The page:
Bitcoin

New research paper misses the point as it looks at early Bitcoin ‘centralization’

A recently published academic paper on Bitcoin’s early days is once again generating discussion and debate on decentralization. How centralized was the Bitcoin network in its formative years, from January 2009 to the time its “price” hit US$1 in 2011. Bitcoin creator Dr. Craig S. Wright has refuted several of the paper’s claims, particularly the one hinting that any of the early participants could have “51% attacked” the network and double-spent coins.

Dr. Wright also disputes the paper’s claims that Bitcoin “was developed to serve as an anonymous digital currency.”

The paper’s authors are a group of nine academics from various institutions and fields from around the world. They include Alyssa Blackburn, Christoph Huber, Yossi Eliaz, Muhammad S. Shamim, David Weisz, Goutham Seshadri, Kevin Kim, Shengqi Hang, and Erez Lieberman Aiden.

The paper does not aim to be a critique of Bitcoin itself. Rather, it attempts to be a study of how an “anonymous economic community” could solve a “social dilemma” and work together towards a common goal, if cooperation leads to a shared desired outcome amongst its members. Of interest is the socio-economic analysis, rather than any implications for Bitcoin past or present. The paper notes that it only looks at Bitcoin’s beginnings, and is not concerned with its current situation.

However, as Dr. Wright points out, the actors in this group were not anonymous. “I knew everybody who was associated with anything on Bitcoin. And many people in Australia knew who I was,” he says.

For this reason alone, the paper’s authors should have chosen a different topic to examine their question—and it’s likely that studying Bitcoin’s early miners will not deliver an appropriate conclusion. The question of whether truly anonymous actors can (or will likely) cooperate towards a shared goal remains unanswered, despite the researchers’ conclusions.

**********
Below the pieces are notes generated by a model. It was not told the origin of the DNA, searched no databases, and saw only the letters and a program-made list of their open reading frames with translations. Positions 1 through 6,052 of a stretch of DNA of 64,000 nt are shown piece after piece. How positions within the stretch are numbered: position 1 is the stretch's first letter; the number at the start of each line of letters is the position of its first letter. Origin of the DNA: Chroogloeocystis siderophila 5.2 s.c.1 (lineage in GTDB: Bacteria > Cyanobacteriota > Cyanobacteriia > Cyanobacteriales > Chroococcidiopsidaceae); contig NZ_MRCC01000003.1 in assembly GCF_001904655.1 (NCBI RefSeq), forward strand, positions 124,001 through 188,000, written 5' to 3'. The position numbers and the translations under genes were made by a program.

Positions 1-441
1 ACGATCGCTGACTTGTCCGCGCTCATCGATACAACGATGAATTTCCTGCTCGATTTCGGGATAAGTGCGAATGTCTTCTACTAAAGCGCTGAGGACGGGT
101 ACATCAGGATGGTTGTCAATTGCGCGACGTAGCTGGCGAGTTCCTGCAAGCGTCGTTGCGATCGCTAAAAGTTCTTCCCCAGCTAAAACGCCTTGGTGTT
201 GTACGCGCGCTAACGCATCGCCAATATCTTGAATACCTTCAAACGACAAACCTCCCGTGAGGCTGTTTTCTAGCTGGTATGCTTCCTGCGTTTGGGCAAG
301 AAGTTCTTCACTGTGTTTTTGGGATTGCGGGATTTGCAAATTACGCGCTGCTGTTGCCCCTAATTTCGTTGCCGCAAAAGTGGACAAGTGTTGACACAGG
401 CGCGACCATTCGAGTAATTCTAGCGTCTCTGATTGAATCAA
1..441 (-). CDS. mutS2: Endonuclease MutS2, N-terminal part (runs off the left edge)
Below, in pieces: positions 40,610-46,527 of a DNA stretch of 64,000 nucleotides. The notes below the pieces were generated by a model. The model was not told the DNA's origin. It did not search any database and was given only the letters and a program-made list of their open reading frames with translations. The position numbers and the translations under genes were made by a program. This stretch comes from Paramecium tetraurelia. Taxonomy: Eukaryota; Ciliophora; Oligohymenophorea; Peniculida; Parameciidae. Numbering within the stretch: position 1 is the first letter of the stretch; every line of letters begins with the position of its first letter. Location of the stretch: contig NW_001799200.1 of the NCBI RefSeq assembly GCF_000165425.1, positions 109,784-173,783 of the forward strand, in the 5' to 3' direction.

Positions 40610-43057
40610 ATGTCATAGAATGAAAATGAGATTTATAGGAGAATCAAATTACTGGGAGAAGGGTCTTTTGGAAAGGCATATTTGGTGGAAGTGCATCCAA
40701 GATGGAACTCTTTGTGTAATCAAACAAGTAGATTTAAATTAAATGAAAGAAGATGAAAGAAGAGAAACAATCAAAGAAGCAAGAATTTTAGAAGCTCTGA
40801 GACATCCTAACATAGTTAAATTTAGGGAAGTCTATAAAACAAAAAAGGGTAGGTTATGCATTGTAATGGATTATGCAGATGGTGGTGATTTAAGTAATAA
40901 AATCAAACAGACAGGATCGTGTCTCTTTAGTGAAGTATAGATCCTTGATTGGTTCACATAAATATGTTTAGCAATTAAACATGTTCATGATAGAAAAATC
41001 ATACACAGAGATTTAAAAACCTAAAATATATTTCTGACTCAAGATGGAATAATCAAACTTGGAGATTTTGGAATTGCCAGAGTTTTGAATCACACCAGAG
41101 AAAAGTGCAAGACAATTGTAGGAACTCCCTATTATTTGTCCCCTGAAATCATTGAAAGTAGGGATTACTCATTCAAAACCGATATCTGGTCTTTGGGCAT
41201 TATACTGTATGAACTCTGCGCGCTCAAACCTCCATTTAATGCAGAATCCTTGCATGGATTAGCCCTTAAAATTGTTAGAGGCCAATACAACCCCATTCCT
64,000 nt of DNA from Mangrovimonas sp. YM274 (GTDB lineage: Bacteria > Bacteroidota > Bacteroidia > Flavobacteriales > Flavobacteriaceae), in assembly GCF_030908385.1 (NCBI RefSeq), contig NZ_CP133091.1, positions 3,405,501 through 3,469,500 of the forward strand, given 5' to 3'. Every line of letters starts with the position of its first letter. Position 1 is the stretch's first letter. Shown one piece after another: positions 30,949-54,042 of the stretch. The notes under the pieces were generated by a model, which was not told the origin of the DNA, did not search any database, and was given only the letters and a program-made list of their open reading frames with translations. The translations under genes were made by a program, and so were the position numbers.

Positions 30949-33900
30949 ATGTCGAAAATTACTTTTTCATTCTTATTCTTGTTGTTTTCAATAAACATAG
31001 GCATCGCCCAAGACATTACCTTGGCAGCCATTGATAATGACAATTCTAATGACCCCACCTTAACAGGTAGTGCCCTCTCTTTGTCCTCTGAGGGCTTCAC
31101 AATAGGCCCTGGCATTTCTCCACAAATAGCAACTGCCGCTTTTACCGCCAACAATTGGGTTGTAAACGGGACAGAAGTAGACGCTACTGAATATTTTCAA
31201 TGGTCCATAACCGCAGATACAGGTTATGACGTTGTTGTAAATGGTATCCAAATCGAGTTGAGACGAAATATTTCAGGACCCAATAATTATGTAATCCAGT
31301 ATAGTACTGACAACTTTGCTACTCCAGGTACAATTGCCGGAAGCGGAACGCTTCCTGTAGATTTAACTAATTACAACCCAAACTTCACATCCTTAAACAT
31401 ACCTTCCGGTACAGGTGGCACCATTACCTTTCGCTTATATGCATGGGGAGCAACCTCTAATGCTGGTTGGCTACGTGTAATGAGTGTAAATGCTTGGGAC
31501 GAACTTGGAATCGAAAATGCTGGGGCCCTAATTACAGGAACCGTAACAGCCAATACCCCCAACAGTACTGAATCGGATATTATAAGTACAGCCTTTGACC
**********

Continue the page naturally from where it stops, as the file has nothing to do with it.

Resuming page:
The paper’s findings

The researchers performed several analyses on early Bitcoin addresses and connections between them, as well as “ground truth data” contained in public postings on Bitcoin discussion forums. Comparing them to Bitcoin’s market value at the time (stopping when the price reached US$1) they identify 64 separate participants in the early network, and estimate the economic stake of each.

It concludes that none of the participants “51% attacked” the network in its first two years because they chose not to—presumably because of shared economic interests that none of them were capable of communicating explicitly to each other.

Bitcoin misunderstandings, once again

Our purpose here in mentioning the paper is to draw attention (once again) to several misunderstandings about Bitcoin that have damaged its development and progress over its 13-year history. These misunderstandings, whether unintentional or deliberate, have led to today’s situation where there are at least three now-separate blockchains all claiming the name “Bitcoin.”

For the record, of those three, only BSV still uses the original Bitcoin protocol rules as described by Satoshi Nakamoto in his 2008 white paper. The word “Bitcoin,” therefore, can refer only to BSV—a notion that is currently the subject of several ongoing legal cases and may determine Bitcoin’s ultimate fate.

The word “decentralization” is one of Bitcoin’s most contentious topics. What exactly does it mean? How important is it to Bitcoin’s existence? And exactly what aspects of Bitcoin could be described as “decentralized” or “centralized”?